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Raymond Robinson (Green Man)

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Name  Raymond Robinson

Role  Green Man
Raymond Robinson (Green Man) Raymond Robinson the true story behind the legend of

Born  October 29, 1910 (1910-10-29) Beaver County, Pennsylvania, USA
Resting place  Grandview Cemetery, Beaver Falls
Other names  The Green Man, Charlie No-Face
Died  June 11, 1985, Brighton Township, Pennsylvania, United States

Real life myths and legends the green man raymond robinson

Raymond "Ray" Robinson (October 29, 1910 – June 11, 1985) was a severely disfigured man whose years of nighttime walks made him into a figure of urban legend in western Pennsylvania. Robinson was so badly injured in a childhood electrical accident that he could not go out in public without fear of creating a panic, so he went for long walks at night. Local tourists, who would drive along his road in hopes of meeting him, called him The Green Man or Charlie No-Face. They passed on tales about him to their children and grandchildren, and people raised on these tales are sometimes surprised to discover that he was a real person who was liked by his family and neighbors.


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Raymond Robinson (Green Man) Lawrence County Memoirs Ray Robinson aka The Green Man

Robinson was nine years old when he was injured by an electrical line on the Morado Bridge, outside of Beaver Falls. The bridge carried a trolley and had electrical lines of both 1,200 volts and 22,000 volts, which had killed another boy less than a year earlier. Robinson survived, defying doctors' expectations, but he was severely disfigured: he lost his eyes, nose, and right arm.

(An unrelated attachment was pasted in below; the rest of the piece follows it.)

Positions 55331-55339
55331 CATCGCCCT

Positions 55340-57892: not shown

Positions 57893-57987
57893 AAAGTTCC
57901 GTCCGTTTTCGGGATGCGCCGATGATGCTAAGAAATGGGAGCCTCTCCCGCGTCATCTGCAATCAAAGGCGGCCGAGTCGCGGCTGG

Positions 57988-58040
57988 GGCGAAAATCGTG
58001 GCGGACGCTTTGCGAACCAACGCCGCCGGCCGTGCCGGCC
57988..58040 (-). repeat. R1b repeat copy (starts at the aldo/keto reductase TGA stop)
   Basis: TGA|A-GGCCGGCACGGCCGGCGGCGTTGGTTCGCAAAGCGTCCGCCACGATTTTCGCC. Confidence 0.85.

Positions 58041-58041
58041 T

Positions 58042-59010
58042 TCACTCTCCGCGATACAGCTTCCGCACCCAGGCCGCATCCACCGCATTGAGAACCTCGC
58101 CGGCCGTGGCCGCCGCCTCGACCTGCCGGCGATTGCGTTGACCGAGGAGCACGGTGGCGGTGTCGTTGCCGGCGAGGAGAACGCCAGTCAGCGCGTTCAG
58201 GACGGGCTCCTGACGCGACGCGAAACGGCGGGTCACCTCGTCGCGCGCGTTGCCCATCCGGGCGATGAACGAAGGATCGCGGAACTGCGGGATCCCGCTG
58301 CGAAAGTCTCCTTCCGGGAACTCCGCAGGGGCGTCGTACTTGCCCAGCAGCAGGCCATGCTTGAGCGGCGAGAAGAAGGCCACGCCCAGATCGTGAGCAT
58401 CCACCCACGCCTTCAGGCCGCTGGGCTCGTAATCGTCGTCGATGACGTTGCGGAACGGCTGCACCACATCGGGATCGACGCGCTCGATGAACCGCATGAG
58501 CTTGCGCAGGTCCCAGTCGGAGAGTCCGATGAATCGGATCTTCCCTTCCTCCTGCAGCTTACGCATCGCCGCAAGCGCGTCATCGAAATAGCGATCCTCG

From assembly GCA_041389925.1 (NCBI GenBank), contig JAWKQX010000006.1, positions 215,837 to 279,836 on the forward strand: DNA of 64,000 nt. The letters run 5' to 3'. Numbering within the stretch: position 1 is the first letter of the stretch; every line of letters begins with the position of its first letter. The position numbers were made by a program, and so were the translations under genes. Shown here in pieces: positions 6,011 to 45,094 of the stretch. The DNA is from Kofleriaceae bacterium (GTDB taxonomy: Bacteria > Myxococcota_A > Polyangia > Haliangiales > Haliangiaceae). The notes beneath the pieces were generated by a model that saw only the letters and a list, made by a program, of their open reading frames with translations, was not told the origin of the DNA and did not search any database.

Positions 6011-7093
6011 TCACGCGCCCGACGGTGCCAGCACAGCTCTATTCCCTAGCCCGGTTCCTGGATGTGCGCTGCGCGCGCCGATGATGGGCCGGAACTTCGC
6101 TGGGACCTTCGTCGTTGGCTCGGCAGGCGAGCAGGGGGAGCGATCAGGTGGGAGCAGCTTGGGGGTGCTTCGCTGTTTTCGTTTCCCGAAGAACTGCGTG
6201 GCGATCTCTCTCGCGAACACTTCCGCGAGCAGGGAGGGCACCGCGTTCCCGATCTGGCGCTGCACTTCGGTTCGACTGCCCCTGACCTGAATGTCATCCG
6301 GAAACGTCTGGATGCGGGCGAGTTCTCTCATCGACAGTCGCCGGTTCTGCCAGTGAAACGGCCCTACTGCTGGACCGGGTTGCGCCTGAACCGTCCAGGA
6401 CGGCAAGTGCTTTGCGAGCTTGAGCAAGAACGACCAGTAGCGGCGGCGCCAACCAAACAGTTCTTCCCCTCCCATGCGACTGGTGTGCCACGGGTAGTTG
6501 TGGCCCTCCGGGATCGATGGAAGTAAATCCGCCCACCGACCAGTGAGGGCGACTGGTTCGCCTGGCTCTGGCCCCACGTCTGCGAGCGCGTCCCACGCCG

Adult life

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Robinson lived in Koppel and spent his days at home with relatives, making doormats, wallets, and belts to sell. Because of his appearance, he rarely ventured out during the day. However, at night, he went for long walks on a quiet stretch of State Route 351, feeling his way along with a walking stick. Groups of locals regularly gathered to search for him walking along the road. Robinson usually hid from his curious neighbors, but would sometimes exchange a short conversation or a photograph for beer or cigarettes. Some were friendly, others cruel, but none of his encounters deterred Robinson from his nightly walks. He was struck by cars more than once. He stopped his walks during the last years of his life, and retired to the Beaver County Geriatric Center, where he died in 1985 at the age of 74.


Raymond Robinson (Green Man) Raymond Robinson the true story behind the legend of

Robinson became a local myth in the Pennsylvania area, and his real story was obscured by urban legend. In the stories, he is the "Green Man," and as a boy, he wanted to see into a birds nest so he climbed an electric pole and managed to shock himself. He fell to the ground and lost his eyes, nose, mouth, one ear, and one arm. The story states that when he grew older, he hid in an abandoned house. The famed nickname of "Green Man" came from his skin, which was purported to be green because of the electrical shock he suffered in the stories. Through several generations, Robinson's story has been passed on so many times that his name and his real history have been overshadowed by the ghost story that grew out of them.


Raymond Robinson (Green Man) Wikipedia

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